Tuesday 10th May 12:08 pm
Building the ultimate solar system
Tuesday 10th June 2014 1:24 pm
Right now, the human race has living room only on our little planet, Earth — if you ignore the half-dozen people on the International Space Station. But let’s imagine the ultimate solar system — with 60 Earth-like planets.
To build our ultimate solar system we have to assume that the future human race will be able to control massive energies. Right now this is science fiction, but looking thousands of years into the future, who knows?
Despite the challenges Sean Raymond, an astrophysicist from Bordeaux Observatory in France, set out to build our ultimate solar system as a computer game he called Fantasy Star System. Because he’s a physicist, this solar system with 60 habitable Earth-like planets had to follow the laws of physics. So his arrangement of planets had to be both scientifically plausible in the short term, and gravitationally stable over the long term of billions of years. After all, he wanted life to be able to evolve.
If you ever read the fairytale of Goldilocks And The Three Bears, you will remember that one porridge was too hot, another was too cold, but one was just right.
So the astronomers (who all read their nursery rhymes as children) describe our planet Earth as being in the so-called ‘Goldilocks zone’. It’s not too hot like Venus, and it’s not too cold like Mars — it’s just right. Inside the Goldilocks zone, water can exist as liquid water, not just as freezing ice or scalding steam.
For his ‘Ultimate Solar System 1′, Sean Raymond chose a smaller star than ours — one called a red dwarf. Because it had a lower mass, it would live a lot longer than our star, giving life a longer time to evolve. Of course, it wouldn’t be as bright, but you just shift your planets in a bit closer to the red dwarf.
He then worked out how to have 24 habitable Earth-like planets orbiting this single red dwarf star. The first trick is to know (from our knowledge of Lagrangian points, look it up), that you can have two similar mass bodies in the same orbit around a star — so long as they are 60 degrees apart. Yup, two planets in the same orbit can be perfectly stable.
The second trick is to realise that one Earth-sized planet can have an almost Earth-sized body going around it. In fact, these locked planets would circle their common centre of gravity. This gives you two pairs, or four planets per orbit. The third trick is to know that the Goldilocks zone is wide enough to carry six of these orbits and would be stable over billions of years.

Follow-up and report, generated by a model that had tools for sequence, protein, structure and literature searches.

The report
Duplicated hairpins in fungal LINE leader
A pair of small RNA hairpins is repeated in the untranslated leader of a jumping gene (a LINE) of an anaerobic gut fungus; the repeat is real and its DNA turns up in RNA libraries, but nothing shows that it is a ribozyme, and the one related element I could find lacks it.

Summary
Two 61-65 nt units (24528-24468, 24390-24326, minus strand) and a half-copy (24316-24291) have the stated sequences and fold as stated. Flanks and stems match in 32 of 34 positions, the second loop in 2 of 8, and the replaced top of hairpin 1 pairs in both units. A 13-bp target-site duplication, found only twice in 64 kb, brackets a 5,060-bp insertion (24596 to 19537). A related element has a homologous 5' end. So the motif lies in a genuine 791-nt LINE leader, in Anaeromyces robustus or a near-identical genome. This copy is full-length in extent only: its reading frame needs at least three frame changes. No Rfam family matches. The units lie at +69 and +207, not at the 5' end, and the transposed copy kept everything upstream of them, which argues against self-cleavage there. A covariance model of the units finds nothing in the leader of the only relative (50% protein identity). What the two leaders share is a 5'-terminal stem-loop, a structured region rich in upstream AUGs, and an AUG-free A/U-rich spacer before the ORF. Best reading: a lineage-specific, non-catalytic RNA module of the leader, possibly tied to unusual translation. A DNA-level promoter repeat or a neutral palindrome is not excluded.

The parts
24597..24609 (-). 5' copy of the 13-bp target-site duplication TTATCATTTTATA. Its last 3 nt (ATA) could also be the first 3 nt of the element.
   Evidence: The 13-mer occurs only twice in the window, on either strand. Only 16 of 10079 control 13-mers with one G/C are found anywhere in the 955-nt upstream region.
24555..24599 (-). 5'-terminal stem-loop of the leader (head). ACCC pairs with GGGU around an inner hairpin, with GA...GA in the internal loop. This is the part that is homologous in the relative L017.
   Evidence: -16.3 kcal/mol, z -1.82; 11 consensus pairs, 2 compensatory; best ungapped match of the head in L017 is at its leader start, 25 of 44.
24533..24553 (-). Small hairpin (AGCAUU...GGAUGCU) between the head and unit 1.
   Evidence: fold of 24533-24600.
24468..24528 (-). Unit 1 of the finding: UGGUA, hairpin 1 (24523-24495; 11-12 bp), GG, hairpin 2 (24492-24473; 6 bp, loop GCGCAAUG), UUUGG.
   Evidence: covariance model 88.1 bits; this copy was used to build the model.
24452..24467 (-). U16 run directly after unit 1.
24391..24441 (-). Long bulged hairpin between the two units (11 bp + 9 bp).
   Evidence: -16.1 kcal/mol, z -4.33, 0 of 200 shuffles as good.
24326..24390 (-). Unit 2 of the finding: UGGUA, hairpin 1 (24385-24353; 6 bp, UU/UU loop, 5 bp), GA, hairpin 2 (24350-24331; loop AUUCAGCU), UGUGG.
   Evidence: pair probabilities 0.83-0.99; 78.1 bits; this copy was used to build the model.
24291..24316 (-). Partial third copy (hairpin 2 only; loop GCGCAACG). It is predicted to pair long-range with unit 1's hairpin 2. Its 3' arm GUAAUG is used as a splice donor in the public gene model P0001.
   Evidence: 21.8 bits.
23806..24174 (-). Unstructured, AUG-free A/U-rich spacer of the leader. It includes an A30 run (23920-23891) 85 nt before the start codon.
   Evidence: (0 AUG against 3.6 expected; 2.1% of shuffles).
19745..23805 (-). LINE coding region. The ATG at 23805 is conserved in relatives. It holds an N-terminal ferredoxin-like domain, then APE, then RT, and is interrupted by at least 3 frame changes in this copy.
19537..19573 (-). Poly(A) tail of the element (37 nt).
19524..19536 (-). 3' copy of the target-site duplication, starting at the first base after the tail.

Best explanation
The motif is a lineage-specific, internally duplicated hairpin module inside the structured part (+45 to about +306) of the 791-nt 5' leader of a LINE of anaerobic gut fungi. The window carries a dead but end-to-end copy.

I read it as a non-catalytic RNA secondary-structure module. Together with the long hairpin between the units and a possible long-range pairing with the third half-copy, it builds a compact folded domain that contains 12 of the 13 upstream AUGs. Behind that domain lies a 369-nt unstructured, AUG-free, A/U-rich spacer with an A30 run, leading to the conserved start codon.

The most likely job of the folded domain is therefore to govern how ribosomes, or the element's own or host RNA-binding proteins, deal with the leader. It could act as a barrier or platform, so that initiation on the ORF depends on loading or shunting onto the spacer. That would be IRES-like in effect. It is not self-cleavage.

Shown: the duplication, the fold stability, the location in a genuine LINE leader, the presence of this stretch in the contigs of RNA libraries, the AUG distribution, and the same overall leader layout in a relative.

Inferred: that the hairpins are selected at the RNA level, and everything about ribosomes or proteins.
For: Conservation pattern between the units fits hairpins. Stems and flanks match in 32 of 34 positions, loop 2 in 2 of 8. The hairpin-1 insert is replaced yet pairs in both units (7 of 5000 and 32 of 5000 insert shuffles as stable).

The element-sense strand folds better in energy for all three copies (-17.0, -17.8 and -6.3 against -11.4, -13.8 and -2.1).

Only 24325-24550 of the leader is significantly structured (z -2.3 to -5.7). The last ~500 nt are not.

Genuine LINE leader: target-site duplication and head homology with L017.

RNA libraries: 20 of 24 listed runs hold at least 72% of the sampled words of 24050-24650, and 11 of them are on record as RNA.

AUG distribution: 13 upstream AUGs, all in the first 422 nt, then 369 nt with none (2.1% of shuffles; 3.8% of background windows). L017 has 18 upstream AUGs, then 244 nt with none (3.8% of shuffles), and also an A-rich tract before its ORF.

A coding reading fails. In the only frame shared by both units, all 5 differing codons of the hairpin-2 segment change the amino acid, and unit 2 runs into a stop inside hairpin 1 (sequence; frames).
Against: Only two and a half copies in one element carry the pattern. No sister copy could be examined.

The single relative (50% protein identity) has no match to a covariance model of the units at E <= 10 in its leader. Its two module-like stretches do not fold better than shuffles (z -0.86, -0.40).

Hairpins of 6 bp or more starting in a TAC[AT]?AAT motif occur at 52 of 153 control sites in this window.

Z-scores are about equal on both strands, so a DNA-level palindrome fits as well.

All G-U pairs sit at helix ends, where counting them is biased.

Suddenly you have created ‘Ultimate Solar System 1′, with 24 potentially habitable planets. There are six orbits, with four Earth-like planets in each orbit.
But then Sean Raymond let his astrophysicist imagination go crazy.
In our solar system, the giant planet, Jupiter, has some quite large moons orbiting it. How many Earth-sized planets could orbit a Jupiter, he asked himself.
The answer turned out to five, in orbits that would be stable for billions of years. And then, using our new best friend forever, Lagrangian points, he realised that he could stuff in a few more Earth-sized planets.
One would be leading 60 degrees ahead of the Jupiter-with-five-orbiting-Earths, and the other would be trailing 60 degrees behind in the same orbit. And when he did the maths, it turned out that it would all be gravitationally stable, even when he changed the leading and trailing Earths into double-Earths. That gave a total of nine Earths in that orbit — a Jupiter-with-five-orbiting-Earths, two Earths circling each other at 60 degrees in front of the Jupiter and another two Earths circling each other at 60 degrees behind the Jupiter.
But could he stuff six orbits inside the Goldilocks zone? Unfortunately no — because Jupiters are big, and need lots of room. But he could shove four orbits into Goldilocks land. Four orbits multiplied by nine Earths per orbit works out to 36 Earth-like planets around a single red dwarf. That was Ultimate Solar System 2.
Which one should Sean Raymond go for? Twenty four planets or 36. The answer was obvious. Both.
It turns out that about 40 per cent of the stars in our galaxy are in binary systems — two stars circling each other.
All Sean Raymond had to do was place or locate his two ultimate solar systems away from each other by about 2.5 times the distance from Earth to Pluto — and they would be stable. Voila! Sixty potentially habitable planets in a single solar system.
But how would he actually build it? Well, I’ll talk more about that, next time…
This blog first appeared on Dr Karl's Great Moments in Science
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